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How time limits affect dental negligence claims


    Strict time limits apply to bringing a claim for dental negligence, as they do to all personal injury claims. What are the particular factors in dental claims which set them apart?

    By Simon Elliman

The usual rule in any personal injury claim is that court proceedings must be issued within three years of the act of negligence causing the injury. In a dental negligence case that would mean three years from the substandard dentistry which injured the patient. But there are exceptions to the rule which need to be understood.

If you have had poor dental treatment, and are considering bringing a claim for compensation, it is always best to consult solicitors within three years of the treatment complained of, if you possibly can. In fact, the earlier the better, as your solicitor will need some time to investigate the claim before he will be in a position to issue court proceedings. If, however, more than three years have already elapsed since the treatment complained of, all is not lost

Date of knowledge

One of the features characterising dental negligence claims is that often the patient does not know that he has received poor treatment until long after the event. For example, a common type of claim relates to failure to treat periodontal (gum) disease. Very often, the patient does not know of this till years later, perhaps when he consults another dentist who tells him that he has the condition, and that it could and should have been treated earlier. In such a case, the three year limitation period runs from the patient’s “date of knowledge”, likely here to be the date when the patient is told that he has periodontal disease.

“Constructive knowledge”

Things are never simple though. Sometimes the court can judge that a claimant who did not have actual knowledge of negligence had constructive knowledge. That means essentially, that he ought to have known, or ought to have found out, that he had received negligent treatment. Take, for example, a patient who has had crowns placed, but they have fallen off repeatedly, and been re-affixed twelve times over two years. The court may judge that after the crowns had been repeatedly falling off for six months, a reasonable patient would have gone to a different dentist to find out what was going wrong. In that case, while the negligent act was the original placement of the crowns, the three year limitation period would run not from that date, but from six months later, when a reasonable person would have sought some alternative advice or treatment.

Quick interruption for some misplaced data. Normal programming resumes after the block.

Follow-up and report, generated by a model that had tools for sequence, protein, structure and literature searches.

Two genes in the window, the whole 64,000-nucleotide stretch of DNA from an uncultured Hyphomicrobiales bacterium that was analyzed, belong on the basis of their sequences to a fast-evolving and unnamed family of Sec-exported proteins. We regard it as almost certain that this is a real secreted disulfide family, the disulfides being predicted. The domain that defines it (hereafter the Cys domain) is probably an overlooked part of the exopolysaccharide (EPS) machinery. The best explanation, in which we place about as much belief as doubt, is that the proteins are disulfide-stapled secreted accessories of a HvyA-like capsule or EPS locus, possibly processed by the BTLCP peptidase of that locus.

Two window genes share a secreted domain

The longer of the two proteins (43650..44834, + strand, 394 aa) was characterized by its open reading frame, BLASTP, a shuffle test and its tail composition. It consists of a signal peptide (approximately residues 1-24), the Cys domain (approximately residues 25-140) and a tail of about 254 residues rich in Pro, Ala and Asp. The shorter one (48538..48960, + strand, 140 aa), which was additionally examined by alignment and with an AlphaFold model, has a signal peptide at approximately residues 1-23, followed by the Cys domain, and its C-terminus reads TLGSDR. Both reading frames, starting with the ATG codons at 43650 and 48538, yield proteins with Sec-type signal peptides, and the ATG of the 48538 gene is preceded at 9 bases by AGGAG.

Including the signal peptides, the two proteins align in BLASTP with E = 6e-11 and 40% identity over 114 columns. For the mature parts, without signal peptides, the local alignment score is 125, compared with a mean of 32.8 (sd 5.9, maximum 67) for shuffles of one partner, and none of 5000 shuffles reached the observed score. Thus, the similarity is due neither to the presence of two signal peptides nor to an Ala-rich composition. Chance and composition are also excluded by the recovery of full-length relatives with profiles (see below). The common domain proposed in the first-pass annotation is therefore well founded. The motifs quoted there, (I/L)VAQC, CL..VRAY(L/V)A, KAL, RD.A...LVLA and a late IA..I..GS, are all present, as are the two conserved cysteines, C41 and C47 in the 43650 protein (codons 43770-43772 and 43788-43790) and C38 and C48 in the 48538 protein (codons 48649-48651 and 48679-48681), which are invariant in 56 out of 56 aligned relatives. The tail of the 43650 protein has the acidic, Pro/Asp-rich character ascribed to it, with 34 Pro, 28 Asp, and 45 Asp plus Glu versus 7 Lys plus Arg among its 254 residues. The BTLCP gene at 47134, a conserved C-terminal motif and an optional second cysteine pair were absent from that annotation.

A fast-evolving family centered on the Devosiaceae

Discretion to disapply the limitation period

There is a third way around the problem of a limitation period which may appear to have expired: the court has a discretion just to disapply the limitation period – essentially to say that it doesn’t matter that it has passed. The court will do this in limited circumstances, and will take into account the reasons for the delay, the length of the delay, and how the delay has affected the evidence available in the case. The conduct of each of the parties, the claimant and the defendant dentist, will also be taken into account.

It is hard to give examples of when the discretion will or will not be applied, as it is very case-specific. By and large the shorter the delay the better the chances of success.

Treatment by multiple dentists

Sometimes a patient may have been given poor treatment by several different dentists. In that case it is possible that a different limitation period will apply to each of the dentists who are going to be sued. It is very important for your solicitor to be alert to this, and not to assume that the three years will run from one date only


It cannot be emphasised enough that if you have received poor dental treatment you should seek legal advice promptly, and above all within three years of receiving the treatment. Do not delay, as you cannot be sure that any of the possible exceptions to the rule will apply in your case; in fact the chances are that they will not apply.

The Dental Negligence Team has vast experience in conducting dental negligence claims, and our lawyers are familiar with the rules of limitation and how the courts apply them. If you have any concerns about dental treatment which you have received, even if you are not certain whether you are in time to bring a claim, one of the members of our team would be pleased to advise you.

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  1. I had a treatment in 2008 but, I haven’t find out about this till 2017 the problem is a had t a tooth attraction and it was not completely removed I have some tooth left and I did not know this and till now. What is my opinions.

    • Hi there. A member of the Dental Negligence Team will contact you to discuss this further. Many thanks


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